DRIVING IN PROVENCE?

Old May 10th, 2001, 09:24 PM
  #1  
bobbie
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DRIVING IN PROVENCE?

We are making our base St Remy.
We hope to visit Isle-Sur-La-Sorgue,Bonnieux,Roussillon,Gordes,Cavaillon then back to St Remy on our first day.
Are there any roads we should avoid in getting to these towns?
We have never driven in Europe and don't want to travel on roads that might be dangerous for 1st timers.
Any help will be appreciated.
Thanks
Bobbie
 
Old May 11th, 2001, 03:40 AM
  #2  
PB
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None of the roads are 'dangerous' - there aren't any mountain roads for example. Some are narrow, but I wouldn't say to avoid them.
I'd recommend doing the loop of Cavaillon, l'Isle, Gordes, Rousillon, Bonnieux as a separate day. The first day you could see St. Remy and Les Baux.
The villages of the Luberon are about 45 minutes to an hour from St REmy considering that you are not familiar with the roads. One tip - DON"T look for road numbers while you're driving - just look for the names of towns in the direction you're headed. Much easier and everything around here is very well signposted.

PB
 
Old May 11th, 2001, 05:30 AM
  #3  
julia
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Bobbie-
A frined and I did this trip exploring the entire area last may. Roads cab be narrow but are not terrifying even if you meet other cars. THe essential thing is to get the correct Michelin maps. DO not try driving without a good map. We usually laid out a rough trip before leaving to get an idea of towns we would be travelling through. If you have specific questions you can email me at above address. WE had a psectacular time especially at the grand canyon du verdon . Absoultely beautiful country.
 
Old May 11th, 2001, 01:28 PM
  #4  
bobbie
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thanks so much for taking the time to answer me. I had heard that there were cliffs and many dangerous roads to worry about. You have eliminated all my fears and I can now look foward to a wonderful trip. What a great message board !!!!
 
Old May 12th, 2001, 09:43 AM
  #5  
Joe
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You will have no problem driving there. As some else said Michelin is a must. But if you get lost that can be fun. Bonjornee
 
Old May 13th, 2001, 05:30 AM
  #6  
Andy
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It is reassuring to hear that the roads in Provence require attention but are not dangerous. But will one need to take the very fast autoroutes to reach smaller roads around the Luberon? Or can you stay on smaller roads? Thanks for your help.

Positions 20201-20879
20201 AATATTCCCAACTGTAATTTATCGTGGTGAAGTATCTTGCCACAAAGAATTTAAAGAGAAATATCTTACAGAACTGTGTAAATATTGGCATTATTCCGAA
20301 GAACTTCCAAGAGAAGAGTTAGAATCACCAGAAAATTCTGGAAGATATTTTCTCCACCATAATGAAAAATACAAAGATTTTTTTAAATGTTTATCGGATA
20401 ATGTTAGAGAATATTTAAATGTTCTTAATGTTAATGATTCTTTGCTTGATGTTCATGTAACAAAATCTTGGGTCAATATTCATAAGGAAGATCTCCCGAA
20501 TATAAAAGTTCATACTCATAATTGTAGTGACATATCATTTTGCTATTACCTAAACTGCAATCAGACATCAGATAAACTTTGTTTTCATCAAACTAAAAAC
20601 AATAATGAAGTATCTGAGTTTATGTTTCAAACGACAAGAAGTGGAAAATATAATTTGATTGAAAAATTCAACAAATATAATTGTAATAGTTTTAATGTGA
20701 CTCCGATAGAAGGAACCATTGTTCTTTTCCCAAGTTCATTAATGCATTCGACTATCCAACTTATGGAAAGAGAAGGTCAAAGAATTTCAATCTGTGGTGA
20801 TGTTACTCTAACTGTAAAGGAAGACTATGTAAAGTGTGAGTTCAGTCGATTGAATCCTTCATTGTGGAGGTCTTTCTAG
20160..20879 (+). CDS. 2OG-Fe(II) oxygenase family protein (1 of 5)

Old May 13th, 2001, 07:46 AM
  #7  
Rex
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If you are prepared to take all the time in the world, I think there is virtually no place from the Peripherique (the Beltway around Paris) clear to Monte Carlo that you can't go - - and totally stay off the (toll) autoroutes, if you so desire.

The route planner on www.euroshell.com - - for example - - has an option called "avoid toll roads" - - I plugged in Dijon to Apt, just to see what response it would give and it came back with a routing of all "N" (national) and "D" (departmental) roads - - 11 hours for 676 km.

The speed of drivers on the autoroutes is not a reason to avoid these excellent highways, in my opinion - - but you CAN do it if you choose.

Best wishes,

Rex
 
Old May 14th, 2001, 08:23 AM
  #8  
claudia
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bobbie

dont worry about anything. you chose a very good base at st remy. i did this same trip last year and i can say it is easy to find the places. and if you get lost, maybe it will be at such a beautiful place and you wont care about it.

enjoy, but please. do not stay only one day. i d like to stay for the rest of my life at those places.
 
Old May 14th, 2001, 09:00 AM
  #9  
Jen
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You will be fine driving around the roads there. PB's advice for town visiting order is perfect...I'd advice the same.

St. Remy is a super base with great roads leading out in all directions.

Bon voyage!
 
Old May 14th, 2001, 10:12 AM
  #10  
penny lockhart
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Bobbie, I had dinner one night at the the best little restaurant in St. Remy. No more than 6 tables or so. The proprietor didn't speak much English but my food French is OK. Had a wonderful beef daube and he suggested a good and inexpensive bottle of wine.

I enjoyed visiting a monastery in Senanque (?). It wasn't too far from St. Remy. Don't miss the Palace of the Popes in Avignon. Awesome.
 
Old May 14th, 2001, 10:18 AM
  #11  
Robin
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I loved driving in Provence. I don't think you'll have any trouble. One of the things that makes it easier is that destinations are surprisingly close together. If you want or need to, you can visit places in something other than the obvious geographical order. Distances are short, so that you can double back if it makes sense.